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Phila. Office of Sustainability – Heat Resiliency Fellow

Website USDN

The Global Philanthropy Partnership (GPP) and the Urban Sustainability Directors Network (USDN) are pleased to offer seven summer 2019 fellowship opportunities with local governments. Fellows will receive a valuable learning experience while helping local governments to advance their sustainability and inclusion goals.

2019 fellowships will be offered with the City of Baltimore (MD), City of Cleveland (OH), City of Dubuque (IA)City of Fort Collins (CO), Iowa City (IA) City of Philadelphia (PA), and City of Vancouver (BC).  These links contain more information on the scope of each available fellowship.

Highlights of all eight fellowships include:

  • A living wage or higher for the fellowship location
  • Full-time employment over the summer (12 weeks)
  • The experience of working in a local government sustainability program on a well- defined project that advances a community’s sustainability and equity goals
  • A project that is inclusive of under-served and under-represented communities and responsive to their needs and priorities
  • Mentorship from Desiree Williams-Rajee and participation in a national learning cohort of USDN EDI fellows.
  • Access to all USDN member discussions and products
  • Free attendance at the October 2019 USDN annual meeting (lodging, flight, meals, and the opportunity to meet with more than 200 sustainability professionals from across North America – expenses paid)
  • Membership in an informal network of past and current EDI fellows

Broad requirements for all fellowship projects are listed below. Each local government project also has specific requirements.

  • Be passionate about sustainability and/or the environment
  • Be new to the sustainability field of work or interested in exploring a career in sustainability
  • Have the skills required to match the needs of the projects for which you apply
  • Have excellent written and verbal communication skills, including the ability to relate to, communicate with, and learn from racially, ethnically, and socioeconomically diverse communities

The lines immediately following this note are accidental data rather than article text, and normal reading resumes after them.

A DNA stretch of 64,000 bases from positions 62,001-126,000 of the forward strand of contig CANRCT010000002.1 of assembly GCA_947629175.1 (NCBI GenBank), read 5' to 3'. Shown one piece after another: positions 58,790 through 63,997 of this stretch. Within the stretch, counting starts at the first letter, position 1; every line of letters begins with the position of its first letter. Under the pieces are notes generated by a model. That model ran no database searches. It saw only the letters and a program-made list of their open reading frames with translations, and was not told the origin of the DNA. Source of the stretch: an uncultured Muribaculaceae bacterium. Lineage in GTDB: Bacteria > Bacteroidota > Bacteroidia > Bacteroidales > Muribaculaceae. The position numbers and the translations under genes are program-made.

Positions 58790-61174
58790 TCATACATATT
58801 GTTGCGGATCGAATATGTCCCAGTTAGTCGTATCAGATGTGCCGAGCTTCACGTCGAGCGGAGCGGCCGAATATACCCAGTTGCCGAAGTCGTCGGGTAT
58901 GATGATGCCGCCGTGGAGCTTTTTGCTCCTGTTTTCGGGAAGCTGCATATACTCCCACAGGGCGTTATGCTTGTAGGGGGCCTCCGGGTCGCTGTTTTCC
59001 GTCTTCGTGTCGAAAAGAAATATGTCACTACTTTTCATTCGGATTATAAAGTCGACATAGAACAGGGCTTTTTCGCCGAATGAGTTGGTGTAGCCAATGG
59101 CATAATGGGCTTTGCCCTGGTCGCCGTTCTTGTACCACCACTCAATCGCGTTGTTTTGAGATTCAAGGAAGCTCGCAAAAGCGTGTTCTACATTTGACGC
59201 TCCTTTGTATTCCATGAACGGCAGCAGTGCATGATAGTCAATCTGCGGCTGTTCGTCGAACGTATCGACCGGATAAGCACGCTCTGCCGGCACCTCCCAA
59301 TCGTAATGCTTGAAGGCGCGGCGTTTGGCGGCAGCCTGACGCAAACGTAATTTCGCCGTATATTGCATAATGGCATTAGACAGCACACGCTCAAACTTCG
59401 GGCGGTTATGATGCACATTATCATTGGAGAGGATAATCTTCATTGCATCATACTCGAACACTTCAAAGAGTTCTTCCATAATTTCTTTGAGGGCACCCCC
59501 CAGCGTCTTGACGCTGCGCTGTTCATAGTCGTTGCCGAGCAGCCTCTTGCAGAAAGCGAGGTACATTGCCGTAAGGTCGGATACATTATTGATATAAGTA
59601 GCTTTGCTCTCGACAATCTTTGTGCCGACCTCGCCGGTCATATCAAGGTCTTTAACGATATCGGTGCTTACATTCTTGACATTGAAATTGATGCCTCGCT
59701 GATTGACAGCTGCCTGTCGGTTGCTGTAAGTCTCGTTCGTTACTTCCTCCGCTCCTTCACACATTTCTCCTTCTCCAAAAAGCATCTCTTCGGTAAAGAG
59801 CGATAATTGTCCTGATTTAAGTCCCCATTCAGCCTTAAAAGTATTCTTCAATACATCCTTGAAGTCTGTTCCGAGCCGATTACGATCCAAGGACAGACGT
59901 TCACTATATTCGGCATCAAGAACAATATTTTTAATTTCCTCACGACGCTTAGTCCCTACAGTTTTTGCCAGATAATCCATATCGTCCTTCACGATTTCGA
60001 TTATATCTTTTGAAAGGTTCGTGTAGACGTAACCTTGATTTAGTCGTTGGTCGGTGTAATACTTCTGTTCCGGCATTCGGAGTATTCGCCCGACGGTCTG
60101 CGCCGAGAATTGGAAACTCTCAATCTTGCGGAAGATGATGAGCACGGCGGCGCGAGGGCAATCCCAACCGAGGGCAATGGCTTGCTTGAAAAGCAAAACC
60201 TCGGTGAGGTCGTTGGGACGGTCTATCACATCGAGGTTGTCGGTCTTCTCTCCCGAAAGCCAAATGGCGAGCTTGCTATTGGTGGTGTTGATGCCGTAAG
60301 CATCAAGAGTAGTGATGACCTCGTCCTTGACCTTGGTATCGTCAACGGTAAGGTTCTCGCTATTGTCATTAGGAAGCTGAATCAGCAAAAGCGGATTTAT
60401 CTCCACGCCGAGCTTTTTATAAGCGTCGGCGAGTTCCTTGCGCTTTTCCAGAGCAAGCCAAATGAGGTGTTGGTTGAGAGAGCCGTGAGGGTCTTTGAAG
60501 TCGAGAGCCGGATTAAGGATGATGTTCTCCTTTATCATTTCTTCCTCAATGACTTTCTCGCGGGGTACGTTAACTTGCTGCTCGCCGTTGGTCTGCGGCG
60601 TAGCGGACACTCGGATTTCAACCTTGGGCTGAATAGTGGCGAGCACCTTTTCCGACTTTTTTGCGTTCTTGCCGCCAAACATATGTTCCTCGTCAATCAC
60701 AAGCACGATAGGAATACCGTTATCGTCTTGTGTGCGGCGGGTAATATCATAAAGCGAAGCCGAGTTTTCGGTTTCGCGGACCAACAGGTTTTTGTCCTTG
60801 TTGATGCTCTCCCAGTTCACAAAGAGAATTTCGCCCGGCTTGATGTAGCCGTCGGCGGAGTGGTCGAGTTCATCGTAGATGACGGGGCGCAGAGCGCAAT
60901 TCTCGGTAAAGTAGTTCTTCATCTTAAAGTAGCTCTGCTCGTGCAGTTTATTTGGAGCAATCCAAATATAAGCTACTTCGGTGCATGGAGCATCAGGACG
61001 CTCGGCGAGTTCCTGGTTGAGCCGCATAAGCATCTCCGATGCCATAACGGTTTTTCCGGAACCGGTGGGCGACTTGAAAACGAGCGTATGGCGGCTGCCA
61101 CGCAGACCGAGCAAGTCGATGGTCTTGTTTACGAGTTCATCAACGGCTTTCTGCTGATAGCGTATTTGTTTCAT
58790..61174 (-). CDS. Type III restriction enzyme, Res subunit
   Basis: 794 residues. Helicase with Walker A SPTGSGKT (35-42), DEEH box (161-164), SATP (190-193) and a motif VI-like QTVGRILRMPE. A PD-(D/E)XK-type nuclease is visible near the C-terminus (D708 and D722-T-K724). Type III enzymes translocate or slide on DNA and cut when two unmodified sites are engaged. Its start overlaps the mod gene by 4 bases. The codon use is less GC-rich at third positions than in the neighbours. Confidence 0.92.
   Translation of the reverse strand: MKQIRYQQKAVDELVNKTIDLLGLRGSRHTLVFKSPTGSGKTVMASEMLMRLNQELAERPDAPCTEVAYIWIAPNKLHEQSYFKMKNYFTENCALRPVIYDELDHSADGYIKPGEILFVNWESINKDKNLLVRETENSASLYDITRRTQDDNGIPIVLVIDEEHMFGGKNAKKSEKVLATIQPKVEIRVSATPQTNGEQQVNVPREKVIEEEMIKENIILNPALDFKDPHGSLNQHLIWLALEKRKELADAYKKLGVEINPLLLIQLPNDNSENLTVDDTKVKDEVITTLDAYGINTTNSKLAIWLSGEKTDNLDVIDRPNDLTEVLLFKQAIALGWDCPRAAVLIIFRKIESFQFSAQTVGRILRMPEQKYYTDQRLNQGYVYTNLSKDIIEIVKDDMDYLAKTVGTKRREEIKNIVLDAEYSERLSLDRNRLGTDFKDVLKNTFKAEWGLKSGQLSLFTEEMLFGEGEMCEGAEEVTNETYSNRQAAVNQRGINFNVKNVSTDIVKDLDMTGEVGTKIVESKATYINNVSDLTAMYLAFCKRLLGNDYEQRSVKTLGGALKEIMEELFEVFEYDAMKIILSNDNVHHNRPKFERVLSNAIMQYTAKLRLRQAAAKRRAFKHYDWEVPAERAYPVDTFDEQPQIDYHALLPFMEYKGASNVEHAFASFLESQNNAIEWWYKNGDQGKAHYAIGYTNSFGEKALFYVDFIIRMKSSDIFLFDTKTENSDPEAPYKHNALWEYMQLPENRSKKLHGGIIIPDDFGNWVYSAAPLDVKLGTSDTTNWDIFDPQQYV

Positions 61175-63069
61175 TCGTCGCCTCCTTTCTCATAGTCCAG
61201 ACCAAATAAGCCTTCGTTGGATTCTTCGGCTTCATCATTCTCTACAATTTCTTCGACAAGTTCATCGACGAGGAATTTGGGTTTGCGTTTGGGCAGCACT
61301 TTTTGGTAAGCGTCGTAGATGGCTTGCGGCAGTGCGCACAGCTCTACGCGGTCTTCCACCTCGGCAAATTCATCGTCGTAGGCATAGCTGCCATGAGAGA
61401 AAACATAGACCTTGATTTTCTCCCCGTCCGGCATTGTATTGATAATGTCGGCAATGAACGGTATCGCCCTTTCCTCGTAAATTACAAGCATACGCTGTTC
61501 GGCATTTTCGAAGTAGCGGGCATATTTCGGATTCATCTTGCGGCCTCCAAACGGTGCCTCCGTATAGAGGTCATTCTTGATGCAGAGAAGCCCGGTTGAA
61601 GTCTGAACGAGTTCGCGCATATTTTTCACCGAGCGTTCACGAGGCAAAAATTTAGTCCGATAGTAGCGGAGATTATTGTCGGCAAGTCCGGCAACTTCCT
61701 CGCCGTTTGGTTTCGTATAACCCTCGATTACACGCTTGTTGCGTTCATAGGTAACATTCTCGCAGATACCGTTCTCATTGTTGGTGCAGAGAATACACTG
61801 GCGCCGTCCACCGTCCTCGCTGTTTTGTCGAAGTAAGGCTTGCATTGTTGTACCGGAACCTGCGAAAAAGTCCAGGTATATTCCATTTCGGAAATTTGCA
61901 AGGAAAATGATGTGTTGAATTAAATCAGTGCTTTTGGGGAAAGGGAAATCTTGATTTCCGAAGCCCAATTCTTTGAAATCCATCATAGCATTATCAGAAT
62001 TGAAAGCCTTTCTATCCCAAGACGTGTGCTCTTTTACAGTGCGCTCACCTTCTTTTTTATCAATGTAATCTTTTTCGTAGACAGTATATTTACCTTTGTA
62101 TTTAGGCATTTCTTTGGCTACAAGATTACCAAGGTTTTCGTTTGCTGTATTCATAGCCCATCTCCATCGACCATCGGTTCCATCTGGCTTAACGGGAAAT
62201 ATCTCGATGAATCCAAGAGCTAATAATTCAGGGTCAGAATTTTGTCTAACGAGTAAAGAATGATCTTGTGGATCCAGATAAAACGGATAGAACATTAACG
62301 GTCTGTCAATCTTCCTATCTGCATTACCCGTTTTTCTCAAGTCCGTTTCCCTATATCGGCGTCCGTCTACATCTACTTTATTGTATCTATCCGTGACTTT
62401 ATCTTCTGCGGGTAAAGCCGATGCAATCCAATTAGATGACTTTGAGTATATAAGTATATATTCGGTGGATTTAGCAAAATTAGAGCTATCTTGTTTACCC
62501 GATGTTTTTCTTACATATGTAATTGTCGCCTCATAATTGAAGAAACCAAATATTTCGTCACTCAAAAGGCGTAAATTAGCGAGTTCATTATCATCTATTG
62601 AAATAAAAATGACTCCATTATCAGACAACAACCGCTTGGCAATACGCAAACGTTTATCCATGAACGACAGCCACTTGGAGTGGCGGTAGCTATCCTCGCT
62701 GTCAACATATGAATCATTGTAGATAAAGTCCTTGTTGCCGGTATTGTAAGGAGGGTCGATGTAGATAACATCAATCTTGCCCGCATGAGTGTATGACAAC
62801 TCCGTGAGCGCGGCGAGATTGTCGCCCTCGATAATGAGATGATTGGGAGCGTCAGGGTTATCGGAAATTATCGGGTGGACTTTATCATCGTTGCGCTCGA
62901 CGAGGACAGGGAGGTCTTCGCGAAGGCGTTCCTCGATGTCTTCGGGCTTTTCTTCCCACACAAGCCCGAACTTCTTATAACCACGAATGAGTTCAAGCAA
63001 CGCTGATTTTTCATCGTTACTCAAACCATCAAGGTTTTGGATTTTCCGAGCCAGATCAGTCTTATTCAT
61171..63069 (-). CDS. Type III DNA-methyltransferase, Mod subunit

• Have experience working with multiple communities, including communities of color
  • Have experience considering the impacts of projects on multiple communities, including communities of color
  • Commit to working for the entire duration of the fellowship
  • Commit to participating actively in the cohort learning and mentoring programs
  • Commit to maintaining the privacy of cohort and USDN discussions
  • Complete a one-page summary blog post and program evaluation form at the conclusion of the fellowship to reflect on their experience
  • Make a presentation on their work at the USDN annual meeting in October 2019 (expenses paid to travel to the USDN annual meeting)

Applications should be sent to the Urban Sustainability Directors Network at <fellowship@usdn.org>. Please include the name of the community or communities with which you are seeking a fellowship in the email subject line. People of color are encouraged to apply. Applications should include:

The application period will now be open through late April 2019. However, review of applications will begin in late March and Host Cities may make hiring decisions. All applicants will be notified of selection decisions. For additional information, please email Sarah McKinstry-Wu, USDN Strategic Projects Manager, at sarahmckinstrywu@usdn.org. Thank you for your interest!

Fellowship Summary

The Heat Resiliency Fellow in the City of Philadelphia’s Office of Sustainability will support the launch of a neighborhood-based heat relief network, an interconnected system of service providers that provide cooling resources, in one of Philadelphia’s hottest and most heat vulnerable neighborhoods.

Project Background

Philadelphia’s Office of Sustainability (OOS) is responsible for implementing Greenworks: A Vision for a Sustainable Philadelphia, the City’s comprehensive sustainability plan. This plan explicitly outlines equity goals within eight topic areas. As a companion effort to the report, OOS committed to creating the “Greenworks Equity Index” as a tool to directly engage with communities not currently benefiting from sustainability work. Using equity as an approach means:

  • Acknowledging that environmental inequalities like exposure to heat often exist in majority low-income and Black and Brown neighborhoods in Philadelphia;